• Wipe the steam wand to remove all the surplus milk, if it has a frother assister remove this and wipe the steam wand below. Open the steam wand to "blow" any excess milk from inside the steam wand.
  • Empty the portafilter to remove spent coffee and flush it with water.
  • Brush up any excess ground coffee and dispose.
  • Rinse your coffee cloths, remember to use one for wiping surfaces and one for wiping food contact areas such as steam wands and filterholders.
  • Empty, wash, and clean any drip trays if they are full or overly dirty.

5) Not watching the espresso pour

It is good to watch. Whenever I visit a cafe I take an interest see how they do things and if their coffee is up to standard or not and one of the most fundamental mistakes I see is staff not watching what they are producing, especially people using volumetric machines. I have seen everything from 10 second gushes of weak under extracted coffee to 40 second over extractions and everything in between. More often than not they clearly pay no attention to the espresso extraction. Whether you are making espresso at home, in the office, for clients, or for paying customers pay attention to the espresso pour, it will tell you more about what is going on than almost any other sense.

  • Slow flowing extraction indicates too fine a grind, too much coffee, or too much compression on the coffee puck.
  • Fast flowing extraction indicates too course a grind, not enough ground coffee, or not enough compression on the coffee puck.
  • A very light under extracted crema can indicate a number of defects including a cold portafilter, insufficient extraction pressure, too little ground coffee, stale coffee, poor quality coffee blend, or cold cups.
  • A very dark over extracted crema or a very thin patchy layer of crema can indicate a number of defects including too greater extraction pressure, too much ground coffee, a dirty grouphead shower screen, or too long an extraction time.

Watch how the espresso is extracting and you will pickup when something is going awry.

6) Not tasting the coffee

Is the milk too hot? Is the milk to cold? Is the coffee we are using terrible? Is the grinder set correctly? Is the machine clean? You are not at the SCAA world finals, but your aim in life is to eliminate the negatives so that your customers, colleagues, family, friends have a pleasant coffee experience. The quickest and most accurate way to tell this is to taste what you are making. The tongue doesnt lie and you will quickly identify if you need to steam the milk a little longer, if perhaps the machine needs cleaning, or if you have bought some rubbish coffee. It is better that you pick up any defects before your customers, clients, or dinner party guests make a comment.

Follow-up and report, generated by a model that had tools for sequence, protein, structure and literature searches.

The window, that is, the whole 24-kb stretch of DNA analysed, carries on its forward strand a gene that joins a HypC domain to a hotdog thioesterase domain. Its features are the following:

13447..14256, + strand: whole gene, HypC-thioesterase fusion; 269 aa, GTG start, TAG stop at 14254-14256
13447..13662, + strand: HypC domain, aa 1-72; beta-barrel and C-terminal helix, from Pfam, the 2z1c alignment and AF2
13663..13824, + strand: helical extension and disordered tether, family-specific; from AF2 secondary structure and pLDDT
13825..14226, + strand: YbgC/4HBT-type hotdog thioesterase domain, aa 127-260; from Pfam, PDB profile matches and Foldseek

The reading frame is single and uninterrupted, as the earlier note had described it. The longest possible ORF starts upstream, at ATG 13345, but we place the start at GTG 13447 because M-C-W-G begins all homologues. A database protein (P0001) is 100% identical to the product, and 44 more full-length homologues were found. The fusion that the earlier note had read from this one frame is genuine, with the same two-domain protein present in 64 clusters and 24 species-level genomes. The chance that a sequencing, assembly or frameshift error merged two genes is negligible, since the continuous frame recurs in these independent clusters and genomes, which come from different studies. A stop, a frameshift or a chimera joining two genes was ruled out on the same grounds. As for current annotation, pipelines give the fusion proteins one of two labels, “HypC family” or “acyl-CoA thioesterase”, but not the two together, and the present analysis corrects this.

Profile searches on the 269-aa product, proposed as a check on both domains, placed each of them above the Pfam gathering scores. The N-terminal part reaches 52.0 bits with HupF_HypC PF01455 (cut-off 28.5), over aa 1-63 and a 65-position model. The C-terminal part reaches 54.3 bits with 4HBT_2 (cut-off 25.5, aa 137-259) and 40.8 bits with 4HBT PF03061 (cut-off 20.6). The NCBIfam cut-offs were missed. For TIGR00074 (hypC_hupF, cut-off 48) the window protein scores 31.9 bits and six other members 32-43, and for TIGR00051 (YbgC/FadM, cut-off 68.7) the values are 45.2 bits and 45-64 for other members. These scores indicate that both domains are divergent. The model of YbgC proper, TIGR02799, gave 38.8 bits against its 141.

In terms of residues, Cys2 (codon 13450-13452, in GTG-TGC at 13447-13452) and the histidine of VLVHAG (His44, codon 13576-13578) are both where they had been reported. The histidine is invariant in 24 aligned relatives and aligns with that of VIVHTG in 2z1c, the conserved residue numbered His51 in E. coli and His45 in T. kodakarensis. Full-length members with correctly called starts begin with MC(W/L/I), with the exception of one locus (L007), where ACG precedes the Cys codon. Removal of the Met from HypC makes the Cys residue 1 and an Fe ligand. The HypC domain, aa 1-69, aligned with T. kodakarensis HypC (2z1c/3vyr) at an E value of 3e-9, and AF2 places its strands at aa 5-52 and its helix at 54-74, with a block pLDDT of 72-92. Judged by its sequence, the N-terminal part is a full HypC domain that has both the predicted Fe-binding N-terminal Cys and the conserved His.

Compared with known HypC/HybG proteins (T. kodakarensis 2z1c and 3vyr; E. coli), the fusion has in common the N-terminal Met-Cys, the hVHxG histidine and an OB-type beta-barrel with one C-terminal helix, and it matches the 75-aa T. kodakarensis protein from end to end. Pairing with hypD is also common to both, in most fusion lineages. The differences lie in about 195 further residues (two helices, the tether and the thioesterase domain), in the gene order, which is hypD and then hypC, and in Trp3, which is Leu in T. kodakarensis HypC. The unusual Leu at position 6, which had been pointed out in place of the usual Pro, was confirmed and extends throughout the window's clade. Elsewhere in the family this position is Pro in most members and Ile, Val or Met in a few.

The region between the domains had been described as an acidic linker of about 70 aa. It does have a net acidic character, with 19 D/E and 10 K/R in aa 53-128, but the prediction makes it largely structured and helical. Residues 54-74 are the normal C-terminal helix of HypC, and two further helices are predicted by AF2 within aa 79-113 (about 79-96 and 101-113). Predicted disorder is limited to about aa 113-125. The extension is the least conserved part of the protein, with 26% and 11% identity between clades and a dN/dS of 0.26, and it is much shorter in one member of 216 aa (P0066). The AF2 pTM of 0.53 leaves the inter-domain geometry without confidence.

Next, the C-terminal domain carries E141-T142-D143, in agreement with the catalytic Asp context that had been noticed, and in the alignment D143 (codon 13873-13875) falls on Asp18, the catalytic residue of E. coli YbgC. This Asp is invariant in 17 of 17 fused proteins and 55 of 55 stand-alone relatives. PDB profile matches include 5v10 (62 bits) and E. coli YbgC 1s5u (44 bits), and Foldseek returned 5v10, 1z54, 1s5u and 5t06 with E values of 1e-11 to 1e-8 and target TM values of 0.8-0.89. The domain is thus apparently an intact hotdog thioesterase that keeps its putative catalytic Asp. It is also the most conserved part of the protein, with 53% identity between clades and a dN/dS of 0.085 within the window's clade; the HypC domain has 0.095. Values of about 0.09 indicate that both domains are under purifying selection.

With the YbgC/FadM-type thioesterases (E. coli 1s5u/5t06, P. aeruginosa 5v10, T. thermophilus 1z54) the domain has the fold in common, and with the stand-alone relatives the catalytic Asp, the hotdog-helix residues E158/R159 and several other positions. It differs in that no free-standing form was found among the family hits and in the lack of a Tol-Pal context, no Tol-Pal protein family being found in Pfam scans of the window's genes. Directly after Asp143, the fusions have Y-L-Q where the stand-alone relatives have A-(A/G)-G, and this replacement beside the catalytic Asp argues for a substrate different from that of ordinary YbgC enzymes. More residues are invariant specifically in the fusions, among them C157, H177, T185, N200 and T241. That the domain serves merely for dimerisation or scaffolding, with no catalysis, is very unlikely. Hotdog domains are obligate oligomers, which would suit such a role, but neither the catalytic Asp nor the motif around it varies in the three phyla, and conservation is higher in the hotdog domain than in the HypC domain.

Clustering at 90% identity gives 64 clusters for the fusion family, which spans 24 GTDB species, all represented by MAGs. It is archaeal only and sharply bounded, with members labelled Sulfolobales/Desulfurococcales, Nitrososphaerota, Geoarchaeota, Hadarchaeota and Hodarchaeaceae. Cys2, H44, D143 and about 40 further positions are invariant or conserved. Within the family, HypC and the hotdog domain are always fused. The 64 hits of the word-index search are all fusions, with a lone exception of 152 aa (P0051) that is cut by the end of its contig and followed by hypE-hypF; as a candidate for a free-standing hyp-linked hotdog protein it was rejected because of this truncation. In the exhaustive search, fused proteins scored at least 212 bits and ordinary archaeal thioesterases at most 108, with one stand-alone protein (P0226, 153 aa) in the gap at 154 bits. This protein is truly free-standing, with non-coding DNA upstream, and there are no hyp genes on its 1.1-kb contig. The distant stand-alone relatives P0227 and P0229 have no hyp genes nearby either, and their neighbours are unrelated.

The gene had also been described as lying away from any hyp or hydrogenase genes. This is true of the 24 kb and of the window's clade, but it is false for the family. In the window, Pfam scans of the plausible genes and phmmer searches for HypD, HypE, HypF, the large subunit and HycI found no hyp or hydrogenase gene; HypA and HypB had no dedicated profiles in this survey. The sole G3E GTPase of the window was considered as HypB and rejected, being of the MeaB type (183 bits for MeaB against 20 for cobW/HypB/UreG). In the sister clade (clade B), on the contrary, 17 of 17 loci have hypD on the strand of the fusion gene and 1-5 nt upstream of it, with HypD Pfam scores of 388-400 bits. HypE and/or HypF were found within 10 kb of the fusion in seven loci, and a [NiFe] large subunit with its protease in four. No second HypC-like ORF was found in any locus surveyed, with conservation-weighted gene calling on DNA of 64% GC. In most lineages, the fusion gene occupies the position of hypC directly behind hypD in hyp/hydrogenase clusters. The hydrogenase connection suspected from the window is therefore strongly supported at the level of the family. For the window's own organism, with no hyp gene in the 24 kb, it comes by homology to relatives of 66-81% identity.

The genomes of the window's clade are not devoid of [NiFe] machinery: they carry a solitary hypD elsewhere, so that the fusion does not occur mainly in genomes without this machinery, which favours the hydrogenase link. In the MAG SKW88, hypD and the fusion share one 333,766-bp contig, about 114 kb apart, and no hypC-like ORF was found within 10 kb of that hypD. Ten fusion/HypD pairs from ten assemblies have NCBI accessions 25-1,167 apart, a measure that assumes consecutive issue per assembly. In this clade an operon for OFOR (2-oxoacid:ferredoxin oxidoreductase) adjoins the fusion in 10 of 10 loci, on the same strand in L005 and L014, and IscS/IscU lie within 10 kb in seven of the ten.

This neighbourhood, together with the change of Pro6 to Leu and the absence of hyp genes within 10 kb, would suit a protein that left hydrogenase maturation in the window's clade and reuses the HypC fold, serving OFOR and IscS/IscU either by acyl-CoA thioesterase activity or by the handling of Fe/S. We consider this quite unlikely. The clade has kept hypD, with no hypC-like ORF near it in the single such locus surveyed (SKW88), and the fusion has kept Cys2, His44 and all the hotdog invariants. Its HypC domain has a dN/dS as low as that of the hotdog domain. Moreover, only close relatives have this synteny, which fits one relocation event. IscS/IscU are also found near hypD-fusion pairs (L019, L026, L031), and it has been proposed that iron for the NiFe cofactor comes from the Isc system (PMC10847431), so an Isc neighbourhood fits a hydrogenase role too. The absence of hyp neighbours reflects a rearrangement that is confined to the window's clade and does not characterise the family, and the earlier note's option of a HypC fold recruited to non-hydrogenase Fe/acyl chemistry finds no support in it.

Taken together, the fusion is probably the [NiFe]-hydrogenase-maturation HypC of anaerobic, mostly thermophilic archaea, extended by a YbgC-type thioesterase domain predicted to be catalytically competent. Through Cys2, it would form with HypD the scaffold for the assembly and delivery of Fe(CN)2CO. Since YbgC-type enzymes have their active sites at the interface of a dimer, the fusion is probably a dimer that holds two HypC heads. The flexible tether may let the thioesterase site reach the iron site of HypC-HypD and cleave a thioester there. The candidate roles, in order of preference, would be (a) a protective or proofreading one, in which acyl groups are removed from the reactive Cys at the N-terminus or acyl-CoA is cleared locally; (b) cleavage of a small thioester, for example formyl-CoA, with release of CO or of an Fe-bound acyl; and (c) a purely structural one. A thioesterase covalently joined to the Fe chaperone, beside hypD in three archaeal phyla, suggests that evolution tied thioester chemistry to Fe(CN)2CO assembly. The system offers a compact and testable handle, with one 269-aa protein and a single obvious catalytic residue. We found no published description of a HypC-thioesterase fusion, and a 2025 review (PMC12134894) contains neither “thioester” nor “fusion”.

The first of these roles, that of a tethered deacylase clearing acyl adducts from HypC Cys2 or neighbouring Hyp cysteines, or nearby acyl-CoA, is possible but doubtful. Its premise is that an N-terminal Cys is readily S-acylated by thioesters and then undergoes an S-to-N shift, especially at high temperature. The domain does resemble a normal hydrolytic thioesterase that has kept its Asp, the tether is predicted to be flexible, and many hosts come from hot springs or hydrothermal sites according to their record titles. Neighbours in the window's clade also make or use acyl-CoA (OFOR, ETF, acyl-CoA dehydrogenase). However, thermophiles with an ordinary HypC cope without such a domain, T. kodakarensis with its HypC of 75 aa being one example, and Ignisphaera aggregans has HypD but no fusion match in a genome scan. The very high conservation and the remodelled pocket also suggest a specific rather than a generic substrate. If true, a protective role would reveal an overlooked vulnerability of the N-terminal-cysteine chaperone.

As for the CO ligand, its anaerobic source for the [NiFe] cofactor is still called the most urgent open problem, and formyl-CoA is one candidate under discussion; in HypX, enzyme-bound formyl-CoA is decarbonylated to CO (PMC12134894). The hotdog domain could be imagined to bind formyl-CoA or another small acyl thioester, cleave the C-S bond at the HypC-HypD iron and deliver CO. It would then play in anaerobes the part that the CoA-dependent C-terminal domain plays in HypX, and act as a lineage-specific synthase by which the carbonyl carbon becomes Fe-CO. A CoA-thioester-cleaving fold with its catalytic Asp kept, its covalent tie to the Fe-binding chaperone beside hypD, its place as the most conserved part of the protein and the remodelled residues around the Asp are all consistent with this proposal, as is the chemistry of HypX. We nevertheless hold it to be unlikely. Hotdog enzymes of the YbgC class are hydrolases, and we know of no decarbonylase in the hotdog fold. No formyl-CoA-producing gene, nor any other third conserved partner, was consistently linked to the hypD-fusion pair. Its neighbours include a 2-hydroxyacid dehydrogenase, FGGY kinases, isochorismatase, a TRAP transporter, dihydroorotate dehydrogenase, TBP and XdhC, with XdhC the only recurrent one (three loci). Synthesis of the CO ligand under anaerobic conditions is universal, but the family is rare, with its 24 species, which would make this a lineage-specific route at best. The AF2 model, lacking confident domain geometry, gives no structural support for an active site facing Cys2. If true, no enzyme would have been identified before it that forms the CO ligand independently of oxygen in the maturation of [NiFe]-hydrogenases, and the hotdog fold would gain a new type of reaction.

7) Presenting the coffee poorly

No matter how well you can prepare coffee, presenting it poorly detracts from the whole experience. Using poor quality incorrectly sized cups removes from the feeling of quality and the enjoyment of the beverage. This can be something as simple as not heating a cappuccino cup or something more extreme like having a takeaway lid that doesn't fit firmly on the cups you are using. If the customers coffee goes cold quickly or spills down them, the quality of the beverage becomes irrelivent.

No matter if you are making espresso at home, for clients in the office, or for paying customers presenting the coffee properly completes the whole experience. Select quality ceramic cups for capuccinos and flat whites, glasses for caffe lattes, and demitasse for espresso and macchiato. Latte bowls are a fad which I am pleased to see is slowly dying and of course mugs are only good for hot chocolate or drinking filter coffee.